Dr. Mae Jemison was the first black woman in space. Now, she’s leading a wildly ambitious project: to achieve interstellar travel in the next 100 years. She’s with us.
Think Star Trek and you won’t be far off. A new Pentagon project is putting out seed money for interstellar travel. Humans, rambling around among the stars. It’s called the 100 Year Starship project. It’s as wildly ambitious as just about anything you can imagine.
The spaceship, its energy source, its passengers’ survival – full-blown or just as DNA… all giant challenges. Not to mention that we’re sort of broke and not even flying space shuttles right now. Leader of the new effort: astronaut Mae Jemison, the first black woman in space. She’s with us.
This hour, On Point: the 100 Year Starship.
In the old days, we sang about fear and fortune way down in the mines. This week, the mining talk was way up in space. Mining asteroids. A bunch of rich guys with big track records and big dreams have formed a new company – Planetary Resources – to chase down asteroids and suck out their riches. Platinum. Iridium. Water in space.
If it sounds like the movie Avatar, well, director James Cameron is in the venture. So are Google guys. And Microsoft money. Is this for real?
This hour, On Point: Planetary Resources founder Eric Anderson and more. We’re thinking about mining asteroids.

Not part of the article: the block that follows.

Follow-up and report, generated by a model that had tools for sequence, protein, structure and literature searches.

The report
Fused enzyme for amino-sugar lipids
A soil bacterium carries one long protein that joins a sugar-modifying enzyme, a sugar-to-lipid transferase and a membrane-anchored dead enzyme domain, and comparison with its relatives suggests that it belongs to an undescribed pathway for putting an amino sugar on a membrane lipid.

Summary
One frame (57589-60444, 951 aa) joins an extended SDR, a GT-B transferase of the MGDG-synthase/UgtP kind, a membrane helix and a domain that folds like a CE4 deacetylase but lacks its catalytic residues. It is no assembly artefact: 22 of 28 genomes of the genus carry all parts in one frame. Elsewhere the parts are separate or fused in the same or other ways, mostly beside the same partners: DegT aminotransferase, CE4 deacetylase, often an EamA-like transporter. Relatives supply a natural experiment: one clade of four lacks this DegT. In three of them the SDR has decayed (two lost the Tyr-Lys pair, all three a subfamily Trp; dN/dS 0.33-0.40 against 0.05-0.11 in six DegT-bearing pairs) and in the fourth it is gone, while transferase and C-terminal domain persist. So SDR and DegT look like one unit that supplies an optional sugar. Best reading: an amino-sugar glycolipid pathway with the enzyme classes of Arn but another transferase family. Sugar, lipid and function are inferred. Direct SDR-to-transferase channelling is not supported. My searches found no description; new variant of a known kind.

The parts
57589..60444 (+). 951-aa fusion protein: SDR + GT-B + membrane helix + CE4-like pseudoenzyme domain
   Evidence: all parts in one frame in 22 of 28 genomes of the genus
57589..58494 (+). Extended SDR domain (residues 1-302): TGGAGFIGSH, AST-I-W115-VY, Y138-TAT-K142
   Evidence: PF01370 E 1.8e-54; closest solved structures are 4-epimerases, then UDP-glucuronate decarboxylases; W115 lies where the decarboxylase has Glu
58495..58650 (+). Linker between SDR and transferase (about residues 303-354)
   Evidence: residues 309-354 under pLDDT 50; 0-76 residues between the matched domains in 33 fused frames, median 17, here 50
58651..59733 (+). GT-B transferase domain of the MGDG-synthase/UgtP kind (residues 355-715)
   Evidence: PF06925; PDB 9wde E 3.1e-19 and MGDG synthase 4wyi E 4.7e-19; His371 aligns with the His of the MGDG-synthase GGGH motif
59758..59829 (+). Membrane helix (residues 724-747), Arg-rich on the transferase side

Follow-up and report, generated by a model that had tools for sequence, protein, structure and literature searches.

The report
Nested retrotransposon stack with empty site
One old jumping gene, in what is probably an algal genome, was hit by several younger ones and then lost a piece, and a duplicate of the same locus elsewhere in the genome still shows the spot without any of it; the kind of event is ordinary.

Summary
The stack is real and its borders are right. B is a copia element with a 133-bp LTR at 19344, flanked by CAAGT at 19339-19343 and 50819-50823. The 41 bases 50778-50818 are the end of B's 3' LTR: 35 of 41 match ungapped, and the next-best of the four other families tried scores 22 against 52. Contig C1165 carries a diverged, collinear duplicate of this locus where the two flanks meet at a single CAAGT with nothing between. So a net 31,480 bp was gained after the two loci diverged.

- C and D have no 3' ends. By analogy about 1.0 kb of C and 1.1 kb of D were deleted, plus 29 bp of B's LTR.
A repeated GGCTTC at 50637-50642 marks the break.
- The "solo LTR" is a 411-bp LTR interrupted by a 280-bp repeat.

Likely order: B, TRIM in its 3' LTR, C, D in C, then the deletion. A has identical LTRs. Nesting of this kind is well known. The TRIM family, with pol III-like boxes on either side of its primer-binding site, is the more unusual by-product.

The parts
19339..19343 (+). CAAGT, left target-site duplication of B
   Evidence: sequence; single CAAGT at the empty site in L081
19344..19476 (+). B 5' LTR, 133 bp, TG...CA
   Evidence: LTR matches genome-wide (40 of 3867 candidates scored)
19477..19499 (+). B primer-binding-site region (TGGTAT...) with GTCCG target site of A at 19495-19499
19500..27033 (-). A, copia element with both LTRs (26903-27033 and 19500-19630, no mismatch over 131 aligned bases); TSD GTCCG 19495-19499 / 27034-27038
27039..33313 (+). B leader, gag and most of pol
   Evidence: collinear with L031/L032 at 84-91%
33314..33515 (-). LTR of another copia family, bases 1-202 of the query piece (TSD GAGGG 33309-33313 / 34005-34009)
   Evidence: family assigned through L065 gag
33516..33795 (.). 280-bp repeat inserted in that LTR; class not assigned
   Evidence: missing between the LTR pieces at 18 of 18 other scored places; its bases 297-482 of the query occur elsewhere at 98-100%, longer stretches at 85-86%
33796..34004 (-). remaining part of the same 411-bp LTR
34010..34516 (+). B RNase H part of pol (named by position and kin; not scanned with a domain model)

Many of us spend more time at our desks than anywhere else. Astrophysicist Neil deGrasse Tyson takes us into his office at the Hayden Planetarium in New York City for a tour of his office, in the fourth of Science Friday’s Desktop Diaries series. From a Saturn lamp Tyson made as a kid to his van Gogh pillow, Tyson has a lot of universe-themed paraphernalia. Tyson highlights some of his collection, and talks about what his journey to science stardom has been like. (Credits: filming: flora lichtman, christopher intagliata, production: flora lichtman, music tom pascale/beethoven) Viewed 12749 times. See More Videos
In Space Chronicles: Facing the Ultimate Frontier, astrophysicist Neil deGrasse Tyson writes of how space exploration — especially human voyages — can profoundly inspire scientists and technologists of the future, and charts the path for missions to Mars and beyond.
Astronomer Dimitar Sasselov, director of Harvard’s Origins of Life Initiative, joins us to discuss his new book "The Life of Super-Earths" and to explain why he thinks planets larger than Earth offer the best prospects for finding life as we know it.
Oh, yon flaming orb. Every day, Helios’s chariot carries you across the sky.
Well, perhaps not: but the 27 million degree star that rules our every waking hour actually has a beating heart. Well, a pulse.
Anyway, it also generates a kajillion fascinating facts — did you know you get more Vitamin D from ten minutes in the sun than 200 glasses of milk?
We explore stories of the star, its eclipses, storms, shelf-life and why somewhere over the rainbow, it’s way up high.